Circulating TMAO Levels Correlate with Coronary Plaque Vulnerability and Rupture Interview with:

Lemin Zheng, Ph.D.

Dr. Lemin Zheng

Lemin Zheng, Ph.D.
Professor, Lab Director, and Principal Investigator The Institute of Cardiovascular Sciences and Institute of Systems Biomedicine
Peking University Health Science Center
Beijing  China What is the background for this study?

Response: Optical coherence tomography (OCT) has been considered as an ideal tool to characterize accurately atherosclerotic plaques and has potential to detect plaque rupture due to high-resolution (10-20 μm) cross-sectional images of tissue with near infrared light (1-3). Trimethylamine-N-oxide (TMAO) is a gut microbiota-dependent-generated metabolite which is associated with cardiovascular risk by a pathway involving dietary ingestion of nutrients containing trimethylamine, including phosphatidylcholine, choline, and L-carnitine (4-6).

In the gut, choline, betaine and carnitine can be metabolized to trimethylamine (TMA) by gut flora microorganism. And TMA could be further oxidized to a proatherogenic species, TMAO, in the liver by flavin monooxygenases 3 (FMO3)4-6. These risk associations have been repeatedly shown in large observational trials (7-10). What are the main findings?

Response: However, no one study has investigated the relationship between TMAO and atherosclerotic plaque and it remains unclear whether circulating TMAO level can predict the risk of vulnerable plaque. The present study demonstrated that plasma TMAO level was significantly higher in patients with plaque rupture compared to those with non-plaque rupture. Moreover, positive correlations between plasma TMAO level and lipid volume index were also observed. Circulating TMAO levels were correlated with the vulnerability and development of coronary plaque, and more especially plaque rupture. Therefore, our results suggest that TMAO may be a biomarker with relevance to coronary plaque vulnerability and progression. What should readers take away from this report?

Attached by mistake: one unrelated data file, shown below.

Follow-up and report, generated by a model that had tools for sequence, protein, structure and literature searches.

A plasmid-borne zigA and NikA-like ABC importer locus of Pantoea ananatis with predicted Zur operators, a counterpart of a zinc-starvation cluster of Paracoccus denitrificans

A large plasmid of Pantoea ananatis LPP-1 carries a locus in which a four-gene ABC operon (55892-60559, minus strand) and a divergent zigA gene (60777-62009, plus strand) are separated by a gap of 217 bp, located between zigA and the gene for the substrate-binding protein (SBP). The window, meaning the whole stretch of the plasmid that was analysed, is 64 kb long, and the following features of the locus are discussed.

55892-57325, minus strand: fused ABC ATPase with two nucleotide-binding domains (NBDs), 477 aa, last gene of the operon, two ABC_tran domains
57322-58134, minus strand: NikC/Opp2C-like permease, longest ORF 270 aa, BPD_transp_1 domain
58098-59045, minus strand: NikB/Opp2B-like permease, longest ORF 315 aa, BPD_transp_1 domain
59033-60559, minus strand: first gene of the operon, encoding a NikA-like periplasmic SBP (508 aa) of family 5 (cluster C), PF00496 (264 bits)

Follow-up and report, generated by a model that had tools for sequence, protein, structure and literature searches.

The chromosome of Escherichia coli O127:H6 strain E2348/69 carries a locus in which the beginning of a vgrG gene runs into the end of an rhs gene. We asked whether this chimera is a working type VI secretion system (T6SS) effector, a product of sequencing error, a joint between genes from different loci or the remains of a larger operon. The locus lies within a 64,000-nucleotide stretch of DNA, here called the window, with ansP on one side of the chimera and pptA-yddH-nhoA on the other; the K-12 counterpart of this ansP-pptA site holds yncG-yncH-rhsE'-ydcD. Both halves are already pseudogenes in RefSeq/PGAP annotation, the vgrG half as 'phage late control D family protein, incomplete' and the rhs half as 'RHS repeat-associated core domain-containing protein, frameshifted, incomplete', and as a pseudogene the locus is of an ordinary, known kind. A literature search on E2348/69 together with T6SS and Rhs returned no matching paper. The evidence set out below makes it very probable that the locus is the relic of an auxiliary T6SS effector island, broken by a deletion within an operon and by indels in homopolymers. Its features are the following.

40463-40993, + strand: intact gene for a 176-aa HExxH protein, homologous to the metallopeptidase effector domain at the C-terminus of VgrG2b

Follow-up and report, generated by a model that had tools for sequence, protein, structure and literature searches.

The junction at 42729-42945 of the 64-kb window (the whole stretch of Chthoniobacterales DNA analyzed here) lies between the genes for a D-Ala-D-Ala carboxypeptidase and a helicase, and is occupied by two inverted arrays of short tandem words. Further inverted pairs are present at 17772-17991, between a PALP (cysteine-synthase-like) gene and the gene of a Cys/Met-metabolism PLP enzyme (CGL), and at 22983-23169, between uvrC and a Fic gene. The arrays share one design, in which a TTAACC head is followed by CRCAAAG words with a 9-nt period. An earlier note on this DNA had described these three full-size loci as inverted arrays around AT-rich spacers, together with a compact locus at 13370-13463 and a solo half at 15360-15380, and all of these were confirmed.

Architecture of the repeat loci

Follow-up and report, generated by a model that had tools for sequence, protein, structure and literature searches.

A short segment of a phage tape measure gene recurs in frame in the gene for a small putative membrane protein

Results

Response: TMAO affects the development of vulnerable plaque through many possible mechanisms include: TMAO promotes endothelial cell adhesion of leukocytes11. TMAO induces expression of cytokines and adhesion molecules through signaling of mitogen-activated protein kinase and nuclear factor-κB, and enhances macrophage levels of CD36 and formation of foam cells from macrophages5,11. TMAO participates in platelet hyper-reactivity and generation of a pro-thrombotic phenotype, which increases in vivo thrombosis risk12. Despite the numerous findings and mechanistic insights revealed regarding the impact of TMAO on various diseases, many questions still remain including: which gut microbiota formation of TMAO leads to atherosclerosis are not entirely clear5. It is also not known whether TMAO interacts directly with a specific receptor or whether it acts to alter signaling pathways indirectly by altering protein conformation (that is, via allosteric effects)5. The ‘‘chemical sensor’’ for TMAO within diverse cells remains unknown12. Discovery of a link between l-carnitine ingestion, gut microbiota metabolism and CVD risk has broad health-related implications.
Therefore such aspects can be deeply investigated for future research as a result of this study.

Coronary Plaque Characterization Assessed by Optical Coherence Tomography and Plasma Trimethylamine-N-oxide Levels in Patients with Coronary Artery Disease
Fu, Qiang et al.
American Journal of Cardiology , Volume 0 , Issue 0
Qiang Fu, MD, PhD,Mingming Zhao, PhD,Dezhao Wang, MD, PhD,Hongyu Hu, MD,Caixia Guo, MD, PhD,Wei Chen, MD,Qun Li, MD, Lemin Zheng PhD ,
Buxing Chen MD, PhD

Qiang Fu and Mingming Zhao contributed equally to this work and should be considered co-first authors.

Note: Content is Not intended as medical advice. Please consult your health care provider regarding your specific medical condition and questions.

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